Carolyn Coyle

Carolyn Coyle: Engineering CRUD for better reactors

Nuclear Science and Engineering doctoral student Carolyn Coyle ’13 SM ’16 specializes in the corrosive particle build-up found on primary components of nuclear reactors, known by its apt acronym, CRUD (for Chalk River Unidentified Deposits). The substance is a common byproduct of reactor operation, yet its impacts on reactor function have not yet been carefully elucidated. Coyle’s research, part of a larger effort to improve reactor safety and efficiency, aims to bring CRUD out of the shadows. ... more

Amelia Trainer

Amelia Trainer: Structuring improved simulations for reactor physics

Trainer, a sophomore majoring in physics and nuclear science and engineering, calls “Scaffolding” “probably the most true and meaningful love poem I’ve read.” But its metaphorical take on a relationship might also resonate for Trainer around her work with the Computational Reactor Physics Group (CRPG), where Trainer is deeply committed to learning about strengthening structures in a nuclear realm. ... more

Carolena Ruprecht

Carolena Ruprecht: On board with nuclear engineering for the Navy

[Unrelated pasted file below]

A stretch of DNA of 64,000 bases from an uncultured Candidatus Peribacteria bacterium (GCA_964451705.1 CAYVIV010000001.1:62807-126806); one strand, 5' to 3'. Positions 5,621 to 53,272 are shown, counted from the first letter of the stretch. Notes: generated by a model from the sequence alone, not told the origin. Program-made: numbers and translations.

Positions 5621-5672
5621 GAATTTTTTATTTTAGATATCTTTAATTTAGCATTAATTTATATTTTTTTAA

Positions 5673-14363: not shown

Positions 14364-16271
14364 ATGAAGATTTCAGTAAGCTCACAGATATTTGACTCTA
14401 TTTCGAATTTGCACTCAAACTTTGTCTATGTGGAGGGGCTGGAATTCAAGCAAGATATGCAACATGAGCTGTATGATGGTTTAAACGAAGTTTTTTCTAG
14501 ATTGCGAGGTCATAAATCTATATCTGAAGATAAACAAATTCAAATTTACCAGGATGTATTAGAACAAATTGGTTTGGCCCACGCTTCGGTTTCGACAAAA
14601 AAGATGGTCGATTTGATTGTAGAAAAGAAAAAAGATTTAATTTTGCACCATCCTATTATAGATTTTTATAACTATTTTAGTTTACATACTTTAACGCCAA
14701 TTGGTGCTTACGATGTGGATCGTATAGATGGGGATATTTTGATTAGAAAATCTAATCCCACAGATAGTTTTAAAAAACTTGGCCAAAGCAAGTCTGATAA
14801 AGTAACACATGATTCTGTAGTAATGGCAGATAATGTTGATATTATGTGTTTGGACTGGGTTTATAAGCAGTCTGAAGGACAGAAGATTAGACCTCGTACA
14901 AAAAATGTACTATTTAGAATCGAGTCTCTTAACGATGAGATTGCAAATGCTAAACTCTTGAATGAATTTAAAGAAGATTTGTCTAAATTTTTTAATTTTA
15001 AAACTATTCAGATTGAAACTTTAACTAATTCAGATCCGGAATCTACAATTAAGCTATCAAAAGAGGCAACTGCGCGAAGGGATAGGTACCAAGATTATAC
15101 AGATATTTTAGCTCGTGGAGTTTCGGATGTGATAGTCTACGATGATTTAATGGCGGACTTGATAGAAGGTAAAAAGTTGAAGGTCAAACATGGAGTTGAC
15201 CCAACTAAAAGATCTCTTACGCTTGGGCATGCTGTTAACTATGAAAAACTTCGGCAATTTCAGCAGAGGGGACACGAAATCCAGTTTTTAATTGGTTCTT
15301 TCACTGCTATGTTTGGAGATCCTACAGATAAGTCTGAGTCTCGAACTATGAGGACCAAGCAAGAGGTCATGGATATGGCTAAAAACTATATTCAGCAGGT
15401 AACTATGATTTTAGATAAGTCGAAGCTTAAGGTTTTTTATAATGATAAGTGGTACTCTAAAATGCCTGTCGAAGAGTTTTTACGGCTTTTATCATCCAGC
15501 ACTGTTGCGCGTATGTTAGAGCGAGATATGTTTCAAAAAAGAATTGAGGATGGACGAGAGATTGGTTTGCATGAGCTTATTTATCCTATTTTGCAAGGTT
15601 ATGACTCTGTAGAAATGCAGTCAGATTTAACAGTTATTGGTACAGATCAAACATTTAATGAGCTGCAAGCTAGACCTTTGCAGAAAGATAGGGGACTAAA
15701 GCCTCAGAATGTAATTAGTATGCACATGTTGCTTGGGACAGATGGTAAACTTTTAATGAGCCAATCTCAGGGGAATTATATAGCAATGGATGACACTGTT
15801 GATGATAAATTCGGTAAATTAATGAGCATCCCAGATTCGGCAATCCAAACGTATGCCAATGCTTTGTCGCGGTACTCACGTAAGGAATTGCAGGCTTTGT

Few undergraduates have pinned down their post-graduation plans as precisely as Carolena Ruprecht. Just after commencement on June 3, 2016, Ruprecht will attend a Reserve Officer Training Corps (ROTC) commissioning ceremony, and then be whisked off to her commission as a surface warfare officer, destined to serve on an aircraft carrier. ... more

Aditi Verma

Aditi Verma: A multidisciplinary take on nuclear policy

A doctoral student in nuclear science and engineering, Verma has spent her academic career acquiring the expertise in science, engineering and the social sciences required to make sense of complex policy questions that arise around nuclear energy. ... more

Ruaridh Macdonald

Ruaridh Macdonald: Engineering nuclear security

NSE graduate student Ruaridh Macdonald is involved in a project called Zero Knowledge Warhead Verification, developing a tool to identify nuclear weapons without divulging too much. ... more

Alex Creely, Adam Kuang

Kuang, Creely already contributing to fusion’s advancement

This summer, nuclear fusion researchers at MIT and Germany’s Max Planck Institute will learn more about what’s going on inside their reactors, thanks in part to the accomplishments of two first-year Nuclear Science and Engineering doctoral students. ... more

Benjamin Lawrence Magolan

Coding for cooling: Benjamin Magolan helps model improved coolant flow